From Pine View Farm

Personal Musings category archive

Twits Own Twitter 0

Katharine Trendacosta, writing at the Electronic Frontier Foundation, takes a look at Elon Musk’s stewardship sewership of Twitter. A snippet:

Twitter’s good qualities—features and practices that many users all over the world came to rely on—are all but gone now.

Follow the link for her reasoning.


As I may have mentioned, about the time of Twitter’s creation, I heard an interview with one of its founders on my local NPR station (WHYY in Philly at the time–I forget who was the interviewer and who was being interviewed); the person who was being interviewed droned on and on about how this new thing was going to contribute to the discourse.

The interview convinced me to have nothing whatsoever to do with Twitter, and I’ve never regretted that. But I have also watched as Twitter became a go-to outlet for many of moment. I have watched as (far too) many persons came to rely on it for news, information, and commentary. And I will concede that, before Musk at least, Twitter as an organization did not seem to have an agenda other than to grow itself; it bumbled and it fumbled, but it usually tried–with mixed results–to get it right.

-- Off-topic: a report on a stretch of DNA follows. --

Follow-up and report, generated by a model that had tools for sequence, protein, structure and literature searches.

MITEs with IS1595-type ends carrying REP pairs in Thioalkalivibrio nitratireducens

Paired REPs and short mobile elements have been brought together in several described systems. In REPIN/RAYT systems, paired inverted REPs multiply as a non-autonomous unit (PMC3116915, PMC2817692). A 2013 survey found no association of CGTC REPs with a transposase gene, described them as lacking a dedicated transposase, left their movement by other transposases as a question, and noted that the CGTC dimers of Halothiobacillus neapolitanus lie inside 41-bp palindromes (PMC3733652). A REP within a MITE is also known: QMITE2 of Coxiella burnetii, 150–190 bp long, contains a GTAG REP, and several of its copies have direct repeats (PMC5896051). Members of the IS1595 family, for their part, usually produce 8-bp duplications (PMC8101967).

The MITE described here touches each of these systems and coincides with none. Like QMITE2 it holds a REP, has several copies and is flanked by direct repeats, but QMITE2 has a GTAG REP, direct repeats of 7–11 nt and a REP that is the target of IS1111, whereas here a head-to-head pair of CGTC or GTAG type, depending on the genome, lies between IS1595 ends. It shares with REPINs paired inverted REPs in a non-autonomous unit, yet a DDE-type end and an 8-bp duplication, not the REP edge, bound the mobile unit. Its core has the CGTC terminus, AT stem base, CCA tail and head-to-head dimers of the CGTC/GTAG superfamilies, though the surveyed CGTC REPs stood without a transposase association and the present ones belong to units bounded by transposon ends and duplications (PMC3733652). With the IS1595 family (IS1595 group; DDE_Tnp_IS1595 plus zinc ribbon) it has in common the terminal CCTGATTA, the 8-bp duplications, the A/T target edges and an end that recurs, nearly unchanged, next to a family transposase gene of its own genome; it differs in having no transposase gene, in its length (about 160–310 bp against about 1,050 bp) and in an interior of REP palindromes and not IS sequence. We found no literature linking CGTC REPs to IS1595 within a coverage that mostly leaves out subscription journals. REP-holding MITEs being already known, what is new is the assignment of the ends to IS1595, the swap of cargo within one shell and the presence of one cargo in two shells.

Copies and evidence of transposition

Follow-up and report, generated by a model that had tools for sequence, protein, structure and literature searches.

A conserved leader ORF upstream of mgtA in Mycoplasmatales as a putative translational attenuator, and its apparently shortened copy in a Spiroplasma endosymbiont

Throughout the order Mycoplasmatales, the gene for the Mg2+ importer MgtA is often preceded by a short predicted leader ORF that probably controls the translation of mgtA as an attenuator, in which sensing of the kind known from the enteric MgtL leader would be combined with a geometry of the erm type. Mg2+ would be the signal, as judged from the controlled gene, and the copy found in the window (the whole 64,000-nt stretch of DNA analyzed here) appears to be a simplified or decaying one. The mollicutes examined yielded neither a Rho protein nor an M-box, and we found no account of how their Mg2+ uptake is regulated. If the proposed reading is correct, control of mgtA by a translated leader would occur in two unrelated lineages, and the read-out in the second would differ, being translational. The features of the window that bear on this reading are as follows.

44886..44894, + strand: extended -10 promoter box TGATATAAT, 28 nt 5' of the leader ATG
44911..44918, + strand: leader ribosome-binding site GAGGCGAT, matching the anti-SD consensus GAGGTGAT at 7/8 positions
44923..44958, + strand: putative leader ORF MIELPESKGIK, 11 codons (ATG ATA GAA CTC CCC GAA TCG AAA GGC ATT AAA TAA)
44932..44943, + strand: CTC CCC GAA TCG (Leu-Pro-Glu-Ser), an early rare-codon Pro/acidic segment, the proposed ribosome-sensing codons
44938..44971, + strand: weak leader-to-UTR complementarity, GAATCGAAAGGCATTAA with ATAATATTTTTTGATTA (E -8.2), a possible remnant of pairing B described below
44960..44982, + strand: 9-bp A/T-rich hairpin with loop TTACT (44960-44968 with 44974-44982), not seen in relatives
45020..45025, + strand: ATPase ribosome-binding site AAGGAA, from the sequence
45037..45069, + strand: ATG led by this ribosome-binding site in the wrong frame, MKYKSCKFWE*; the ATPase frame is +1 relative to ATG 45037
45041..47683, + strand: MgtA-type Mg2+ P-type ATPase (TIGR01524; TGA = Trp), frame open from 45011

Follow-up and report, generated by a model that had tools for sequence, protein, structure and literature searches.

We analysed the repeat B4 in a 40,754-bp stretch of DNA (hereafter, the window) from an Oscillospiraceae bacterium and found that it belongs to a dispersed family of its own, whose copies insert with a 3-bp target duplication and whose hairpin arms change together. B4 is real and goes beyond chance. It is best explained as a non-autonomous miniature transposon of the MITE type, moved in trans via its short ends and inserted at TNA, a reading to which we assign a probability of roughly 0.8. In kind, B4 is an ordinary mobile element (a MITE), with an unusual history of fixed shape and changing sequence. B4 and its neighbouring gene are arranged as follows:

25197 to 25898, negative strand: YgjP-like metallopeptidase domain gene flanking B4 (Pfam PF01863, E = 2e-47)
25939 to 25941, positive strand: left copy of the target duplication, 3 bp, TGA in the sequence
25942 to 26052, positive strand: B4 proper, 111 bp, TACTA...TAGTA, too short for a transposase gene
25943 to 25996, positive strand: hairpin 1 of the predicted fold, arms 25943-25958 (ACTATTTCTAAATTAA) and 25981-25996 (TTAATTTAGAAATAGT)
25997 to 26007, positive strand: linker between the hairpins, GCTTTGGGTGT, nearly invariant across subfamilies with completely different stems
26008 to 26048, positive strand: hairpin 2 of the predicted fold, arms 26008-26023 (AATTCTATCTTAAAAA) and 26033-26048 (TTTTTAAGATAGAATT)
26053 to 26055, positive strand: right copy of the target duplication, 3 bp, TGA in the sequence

(In a larger context, I have become convinced that “social” media isn’t. It amplifies asinine and drowns out dutiful, magnifies mendacity and disrespects data, as its secret algorithms suck users down labyrinthine rabbit holes of hate and hostility so as to “attract eyeballs” amd “foster engagement.”)

Still, it’s a shame to watch Musk mangle something that had risen at least to the level of mediocre.


Stray Question 0

Does the Republican Party remember–or care–that one of the words in the Pledge of Allegiance to the flag which they claim to revere is “indivisible”?

Inquiring minds want to know.


The next few weeks may serve to answer that question.


The Way-Back Machinationist 0

Anthony Dixon argues that

DeSantis has chosen education as a tool to set this country back 100 years.